Also on the Burma front, Winds of Change says that conservatives should be up in arms about John Ashcroft's shameful effort to defend US corporations who exploit slave labor in Burma. Joe K. rightly credits Randy Paul for focusing on the slave labor issue and says that if conservatives want the right to criticize ANSWER, Galloway etc., they have to be just as ready to denounce those in their own ranks who betray American values. Damn right.
Finally, for background on Aung San Suu Kyi and the struggle for democracy in Burma, visit the Free Burma Coalition, an online international network of activist organizations trying to bring a measure of humanity to brutal land. (0) opinions -- Add your opinion
# Posted 1:24 PM by Ariel David Adesnik
Perhaps more importantly, Glenn places the event in its proper context by reminding us of Nobel Laureaute Amartya Sen's wise observation that there has never been a famine in a democracy. So who says Instapundit doesn't think profound thoughts? (0) opinions -- Add your opinion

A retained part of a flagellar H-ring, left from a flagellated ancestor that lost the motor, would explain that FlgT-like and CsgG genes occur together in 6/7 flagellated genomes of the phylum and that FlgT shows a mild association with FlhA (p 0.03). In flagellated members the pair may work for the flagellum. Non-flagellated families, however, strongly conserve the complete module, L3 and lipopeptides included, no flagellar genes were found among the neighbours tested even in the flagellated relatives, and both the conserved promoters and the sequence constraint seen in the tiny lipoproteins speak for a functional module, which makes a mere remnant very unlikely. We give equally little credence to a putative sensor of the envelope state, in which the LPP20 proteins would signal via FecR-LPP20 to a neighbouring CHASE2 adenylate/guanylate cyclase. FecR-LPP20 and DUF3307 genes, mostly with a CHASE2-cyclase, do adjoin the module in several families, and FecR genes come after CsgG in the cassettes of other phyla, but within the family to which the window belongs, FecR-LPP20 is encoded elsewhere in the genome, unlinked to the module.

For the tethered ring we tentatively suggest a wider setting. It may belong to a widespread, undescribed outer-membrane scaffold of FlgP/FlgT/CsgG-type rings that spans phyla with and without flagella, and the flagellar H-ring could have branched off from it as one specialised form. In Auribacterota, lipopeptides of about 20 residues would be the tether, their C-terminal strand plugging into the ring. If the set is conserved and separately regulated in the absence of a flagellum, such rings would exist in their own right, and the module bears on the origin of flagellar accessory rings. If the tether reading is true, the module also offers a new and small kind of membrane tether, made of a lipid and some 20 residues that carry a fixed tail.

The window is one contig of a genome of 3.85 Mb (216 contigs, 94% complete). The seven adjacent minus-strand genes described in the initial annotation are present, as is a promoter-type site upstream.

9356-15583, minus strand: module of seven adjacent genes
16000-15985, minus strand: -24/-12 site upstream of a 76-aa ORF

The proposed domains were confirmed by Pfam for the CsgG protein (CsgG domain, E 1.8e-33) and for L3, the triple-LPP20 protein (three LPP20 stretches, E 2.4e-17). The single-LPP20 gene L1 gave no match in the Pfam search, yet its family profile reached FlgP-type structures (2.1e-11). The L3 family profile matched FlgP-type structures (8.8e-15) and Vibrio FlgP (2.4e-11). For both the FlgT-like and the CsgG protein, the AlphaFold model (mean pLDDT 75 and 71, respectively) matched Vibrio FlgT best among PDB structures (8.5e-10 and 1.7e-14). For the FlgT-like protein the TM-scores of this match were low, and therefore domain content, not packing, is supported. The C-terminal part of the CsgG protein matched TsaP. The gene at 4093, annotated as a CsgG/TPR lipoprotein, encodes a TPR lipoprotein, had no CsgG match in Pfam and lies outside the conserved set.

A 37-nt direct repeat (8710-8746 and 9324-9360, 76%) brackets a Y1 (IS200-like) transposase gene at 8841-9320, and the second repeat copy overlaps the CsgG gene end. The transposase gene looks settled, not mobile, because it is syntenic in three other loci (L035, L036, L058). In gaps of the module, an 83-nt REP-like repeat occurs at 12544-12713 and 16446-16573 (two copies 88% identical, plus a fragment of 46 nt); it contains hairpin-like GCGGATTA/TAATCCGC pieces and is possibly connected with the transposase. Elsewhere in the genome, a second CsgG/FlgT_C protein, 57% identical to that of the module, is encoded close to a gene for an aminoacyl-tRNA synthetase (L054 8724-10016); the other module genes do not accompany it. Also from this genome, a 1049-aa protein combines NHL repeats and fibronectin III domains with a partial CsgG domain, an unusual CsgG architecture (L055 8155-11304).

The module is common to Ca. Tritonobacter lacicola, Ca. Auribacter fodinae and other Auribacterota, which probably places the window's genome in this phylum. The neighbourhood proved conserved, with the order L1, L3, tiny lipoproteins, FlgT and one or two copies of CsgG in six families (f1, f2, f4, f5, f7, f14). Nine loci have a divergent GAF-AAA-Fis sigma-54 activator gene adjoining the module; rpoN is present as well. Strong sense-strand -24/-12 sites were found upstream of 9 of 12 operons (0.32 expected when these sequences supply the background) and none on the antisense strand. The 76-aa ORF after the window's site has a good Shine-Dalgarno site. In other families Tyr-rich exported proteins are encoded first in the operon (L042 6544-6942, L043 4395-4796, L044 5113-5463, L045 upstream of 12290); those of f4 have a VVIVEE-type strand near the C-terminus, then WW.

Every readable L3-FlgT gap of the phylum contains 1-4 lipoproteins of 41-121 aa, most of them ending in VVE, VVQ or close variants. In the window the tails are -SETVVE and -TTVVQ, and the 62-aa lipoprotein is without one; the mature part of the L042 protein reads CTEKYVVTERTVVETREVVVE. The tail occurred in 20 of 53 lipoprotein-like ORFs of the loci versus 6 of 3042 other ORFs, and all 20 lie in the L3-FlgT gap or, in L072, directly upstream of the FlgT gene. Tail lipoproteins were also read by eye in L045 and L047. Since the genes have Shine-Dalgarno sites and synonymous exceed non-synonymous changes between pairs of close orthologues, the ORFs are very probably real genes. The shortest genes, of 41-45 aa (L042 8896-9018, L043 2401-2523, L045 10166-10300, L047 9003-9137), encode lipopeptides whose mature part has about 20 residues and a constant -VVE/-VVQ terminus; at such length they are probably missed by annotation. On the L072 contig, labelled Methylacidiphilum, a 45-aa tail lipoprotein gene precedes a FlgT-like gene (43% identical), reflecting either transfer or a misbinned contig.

# Posted 11:26 AM by Patrick Belton
In the meantime, here's some of what methinks is worth reading on the web today. The foreign policy society I run in Washington had a meeting last night on the roadmap. While I'd like to say we solved all the problems of the Middle East in two hours of pizza, we did compile a list of readings that I think are relevant to understanding the current peace process and issues for the U.S. in "riding herd": they're here.
MEMRI offers a synopsis of Arab press coverage of the discovery of large mass graves in Iraq. Some of the venues are frequent repositors of self-criticism by Arabs of Arab governments, such as London's Al-Sharq Al-Awsat, but other sources such as Lebanon's Al-Nahar appear as well. The broad tenor of the coverage is a salutary realization by the Arabic-language press of the extent of Saddam's depravity. This conclusion is representative: "To prevent the reappearance of these graves, [we must] discuss why they [came into existence]... and these reasons concern tyrants' domination of the peoples' lives with dogma and slogans..." If run to its conclusion, this course of stories may have an effect of increasing popular displeasure with Arab governments in general - in turn, a displeasure which may be directed either toward liberal reform or Islamic militancy.